In protest of his innocence, Dr Muiruri declined upon which they say the former police inspector fired three shots.Two shots pierced through Dr Muiruri’s heart and a third went through the mouth, shattering the jaw.
But according to Munene, Dr Muiruri violently resisted attempts to arrest him and instead tried to snatch the handcuffs.
In the process, he tried to secure his gun, which was holstered at the waist. In the struggle that ensued three bullets accidentally discharged from his Belgium made Browning pistol killing Dr Muiruri.
Seeing that the group that had gathered to witness the incident getting belligerent, and since they thought he was a thief, Munene says he drove off and informed his superiors of the incident.
He reported at Buru Buru police station and was disarmed. As the shots rung out, Chepkonga says he entered his car and drove off in panic.
He picked up his two friends he had left outside the Crooked Q club, explained to them what happened, was dropped home and went to sleep.
Dr Muiruri was rushed to the MP Shah hospital by his brother and Ms Okudo where he was pronounced dead on arrival.
And with that began a gripping trial whose outcome has pricked the nation’s consciousness about the place of the death penalty as a form of punishment in the modern society.
In his ruling, Justice Warsame concluded the two had a common intention to kill Dr Muiruri as result of the differences they had — Chepkonga as the instigator and Munene as the executor.
“As the accused persons were acting in concert pursuing a common design and unjustifiably and unlawfully justified their goal, it matters not that Chepkonga was not armed and did not fire the bullets that resulted in the death of the deceased,” ruled Justice Warasme.
“It is also clear in my mind that it is Chepkonga who put in motion the events leading to the death of the deceased. He alerted his friend who purported to arrest the deceased without establishing whether it was possible to do so.”
He further faulted Munene for using excessive force to apprehend Dr Muiruri for what he concluded was a minor crime and for acting unprofessionally in effecting the attempted arrest.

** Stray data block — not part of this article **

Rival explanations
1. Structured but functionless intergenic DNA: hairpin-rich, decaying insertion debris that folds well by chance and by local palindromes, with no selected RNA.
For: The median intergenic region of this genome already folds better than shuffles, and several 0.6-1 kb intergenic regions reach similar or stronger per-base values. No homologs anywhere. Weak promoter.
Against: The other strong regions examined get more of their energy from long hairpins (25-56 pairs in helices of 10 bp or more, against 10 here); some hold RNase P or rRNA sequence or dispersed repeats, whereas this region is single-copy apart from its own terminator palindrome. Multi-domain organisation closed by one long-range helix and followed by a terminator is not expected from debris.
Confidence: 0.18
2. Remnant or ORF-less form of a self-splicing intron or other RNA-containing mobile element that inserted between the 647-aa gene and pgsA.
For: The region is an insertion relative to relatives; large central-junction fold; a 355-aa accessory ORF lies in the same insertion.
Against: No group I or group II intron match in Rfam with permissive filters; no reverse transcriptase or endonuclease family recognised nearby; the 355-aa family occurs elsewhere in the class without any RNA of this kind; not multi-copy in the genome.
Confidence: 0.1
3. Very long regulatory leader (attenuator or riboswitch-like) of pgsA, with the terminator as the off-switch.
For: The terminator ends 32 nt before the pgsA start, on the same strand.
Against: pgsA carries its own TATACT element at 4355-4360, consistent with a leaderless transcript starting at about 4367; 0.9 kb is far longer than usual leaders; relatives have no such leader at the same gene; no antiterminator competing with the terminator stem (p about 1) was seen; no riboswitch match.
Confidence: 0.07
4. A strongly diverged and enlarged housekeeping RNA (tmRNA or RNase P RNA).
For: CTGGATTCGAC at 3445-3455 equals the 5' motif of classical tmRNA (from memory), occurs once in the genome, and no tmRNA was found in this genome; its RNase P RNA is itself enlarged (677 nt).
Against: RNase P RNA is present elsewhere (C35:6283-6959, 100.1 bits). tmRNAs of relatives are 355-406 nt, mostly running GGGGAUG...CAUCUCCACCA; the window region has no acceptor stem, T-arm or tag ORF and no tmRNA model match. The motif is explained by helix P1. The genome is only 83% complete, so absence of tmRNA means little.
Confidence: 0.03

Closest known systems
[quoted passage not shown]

“It was absolutely unnecessary for Munene to follow the deceased with a view to arresting him when he had committed a minor offence,” ruled Justice Warsame.
“A police officer who attempts to arrest any offender must be sharp, alert and efficient in his arrest.”
“Had Munene regarded and/or approached the situation more calmly, had he not answered the concerns of Chepkonga, he would not have followed the deceased whom he termed as aggressive,” he added. He then ruled that both should die.
Wednesday, October 12, began as a chilly morning in the City in the Sun, but by afternoon, the October clouds had given way to a warm sunshine.
The weather that day could have been fittingly symbolic in many ways to the feelings families of the affected at that time.
For the Muiruri’s it signaled the end of a torturous two-year journey to find justice for their son. But for the families of the convicts it definitely signalled the darkening of clouds over their sons heads and more sorrow for them.
But that did not reflect at all in the manner the two convicts took their sentencing. As family and relatives gathered around them, they smiled warmly, hugging and patting all who had supported them through. Not a tear was shed.
At around 4 p.m., Chepkonga and Munene were led away by prison officers to begin life, not as suspects as they have been for the past two years they have been behind bars, but as death row convicts waiting for the hangman’s noose.
Outside the courtroom groups formed — those around the Muiruri family, congratulating them for “securing justice of our son who was slain like a Mungiki suspect and not as a learned lawyer”, as the family patriarch put it.
On the other side friends and family of the two convicts congregated separately, talking in low tones, consoling one another for the promising life of two young men, disrupted.
In the car park of the court, Mrs Chepkonga, wiping a tear resolutely termed the sentencing a “travesty of justice.”Their lawyer Philip Murgor said he is working on an appeal.